וירח בעמק אילון

    Shemesh begibon dom:

    Veyareach beemek Aiyalon.


    Barnes' Notes on Joshua 10:12

    These four verses seem to be a fragment or extract taken from some other and independent source and inserted into the thread of the narrative after it had been completed, and inserted most probably by another hand than that of the author of the Book of Joshua.

    It is probable that Joshua 10:12 and the first half of Joshua 10:13 alone belong to the Book of Jasher and are poetical, and that the rest of this passage is prose.

    The writer of this fragment seems to have understood the words of the ancient song literally, and believed that an astronomical miracle really took place, by which the motion of the heavenly bodies was for some hours suspended. (Compare also Ecclesiasticus 46:4.) So likewise believed the older Jewish authorities generally, the Christian fathers, and many commentators ancient and modern.

    It must be allowed, indeed, that some of the objections which have been urged against this view on scientific grounds are easily answered. The interference, if such there were, with the earth's motion was not an act of blind power ab extra and nothing more. The Agent here concerned is omnipotent and omniscient, and could, of course, as well arrest the regular consequences of such a suspension of nature's ordinary working as He could suspend that working itself. It is, however, obvious, that any such stupendous phenomenon would affect the chronological calculations of all races of men over the whole earth and do so in a similarly striking and very intelligible manner. Yet no record of any such perturbation is anywhere to be found, and no marked and unquestionable reference is made to such a miracle by any of the subsequent writers in the Old or New Testament. For reasons like these, many commentators have explained the miracle as merely optical.

    The various explanations show how strongly the difficulties which arise out of the passage have been felt. Accordingly, stress has been laid by recent commentators on the admitted fact that the words out of which the difficulty springs are an extract from a poetical book. They must consequently, it is argued, be taken in a popular and poetical, and not in a literal sense. Joshua feared lest the sun should set before the people had fully "avenged themselves of their enemies." In his anxiety he prayed to God, and God hearkened to him. This is boldly and strikingly expressed in the words of the ancient book, which describes Joshua as praying that the day might be prolonged, or, in poetical diction, that the sun might be stayed until the work was done. Similarly, Judges 5:20 and Psalm 18:9-15 are passages which no one construes as describing actual occurrences: they set forth only internal, although most sincere and, in a spiritual sense, real and true convictions. This explanation is now adopted by theologians whose orthodoxy upon the plenary inspiration and authority of holy Scripture is well known and undoubted.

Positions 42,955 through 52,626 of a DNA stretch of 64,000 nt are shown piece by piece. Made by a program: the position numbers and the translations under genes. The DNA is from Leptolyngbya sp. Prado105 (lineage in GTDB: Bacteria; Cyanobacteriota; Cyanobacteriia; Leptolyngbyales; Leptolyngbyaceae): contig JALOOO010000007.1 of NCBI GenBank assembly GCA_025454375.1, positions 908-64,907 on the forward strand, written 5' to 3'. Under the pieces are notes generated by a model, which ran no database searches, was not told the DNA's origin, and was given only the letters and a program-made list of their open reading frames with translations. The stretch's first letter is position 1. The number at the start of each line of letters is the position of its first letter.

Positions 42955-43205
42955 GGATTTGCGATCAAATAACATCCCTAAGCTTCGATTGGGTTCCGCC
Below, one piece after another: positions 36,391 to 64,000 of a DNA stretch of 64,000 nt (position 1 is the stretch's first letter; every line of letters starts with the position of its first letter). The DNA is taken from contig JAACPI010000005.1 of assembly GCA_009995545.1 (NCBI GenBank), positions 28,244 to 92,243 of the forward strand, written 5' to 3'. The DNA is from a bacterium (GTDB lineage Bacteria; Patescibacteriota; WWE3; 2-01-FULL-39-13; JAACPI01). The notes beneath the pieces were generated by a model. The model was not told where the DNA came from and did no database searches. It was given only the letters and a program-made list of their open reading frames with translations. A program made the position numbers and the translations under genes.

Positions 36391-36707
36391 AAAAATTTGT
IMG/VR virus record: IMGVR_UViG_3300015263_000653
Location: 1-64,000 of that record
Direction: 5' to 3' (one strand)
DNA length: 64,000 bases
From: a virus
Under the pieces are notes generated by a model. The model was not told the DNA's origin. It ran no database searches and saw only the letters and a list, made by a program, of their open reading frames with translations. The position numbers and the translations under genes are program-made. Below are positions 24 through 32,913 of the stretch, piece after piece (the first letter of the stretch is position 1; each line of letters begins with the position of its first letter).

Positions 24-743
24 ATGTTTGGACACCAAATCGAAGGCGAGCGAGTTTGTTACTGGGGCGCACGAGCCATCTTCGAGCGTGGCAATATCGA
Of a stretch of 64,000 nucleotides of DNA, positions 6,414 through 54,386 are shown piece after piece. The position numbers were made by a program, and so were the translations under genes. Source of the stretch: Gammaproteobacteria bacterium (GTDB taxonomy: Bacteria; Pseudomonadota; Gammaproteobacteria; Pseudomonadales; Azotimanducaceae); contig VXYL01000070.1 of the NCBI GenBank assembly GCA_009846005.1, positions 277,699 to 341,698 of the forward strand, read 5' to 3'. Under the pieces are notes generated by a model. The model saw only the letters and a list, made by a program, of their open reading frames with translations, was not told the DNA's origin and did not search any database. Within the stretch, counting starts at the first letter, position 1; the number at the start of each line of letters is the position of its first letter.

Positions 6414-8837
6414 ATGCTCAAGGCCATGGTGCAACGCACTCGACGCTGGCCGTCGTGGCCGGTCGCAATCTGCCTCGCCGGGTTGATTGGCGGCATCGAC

Joshua 10:12

    In the sight of Israel - literally, "before the eyes of Israel," i. e. in the sight or presence of Israel, so that the people were witnesses of his words. (Compare Deuteronomy 31:7.)

    Sun, stand thou still - literally, as margin, "be silent" (compare Leviticus 10:3); or rather, perhaps, "tarry," as in 1 Samuel 14:9.

    Thou, moon - The words addressed to the moon as well as to the sun, indicate that both were visible as Joshua spoke. Below and before him, westward, was the valley of Ajalon; behind him, eastward, were the hills around Gibeon. Some hours had passed, since in the early dawn he had fallen upon the host of the enemy, and the expression "in the midst of heaven" Joshua 10:13 seems to import that it was now drawing toward mid-day, though the moon was still faintly visible in the west. If the time had been near sunset, Joshua would have seen the sun, not, as he did, eastward of him, but westward, sinking in the sea.

    The valley of Ajalon - i. e. "the valley of the gazelles." This is the modern Merj Ibn Omeir, described by Robinson, a broad and beautiful valley running in a westerly direction from the mountains toward the great western plain. The ancient name is still preserved in Yalo, a village situated on the hill which skirts the south side of the valley.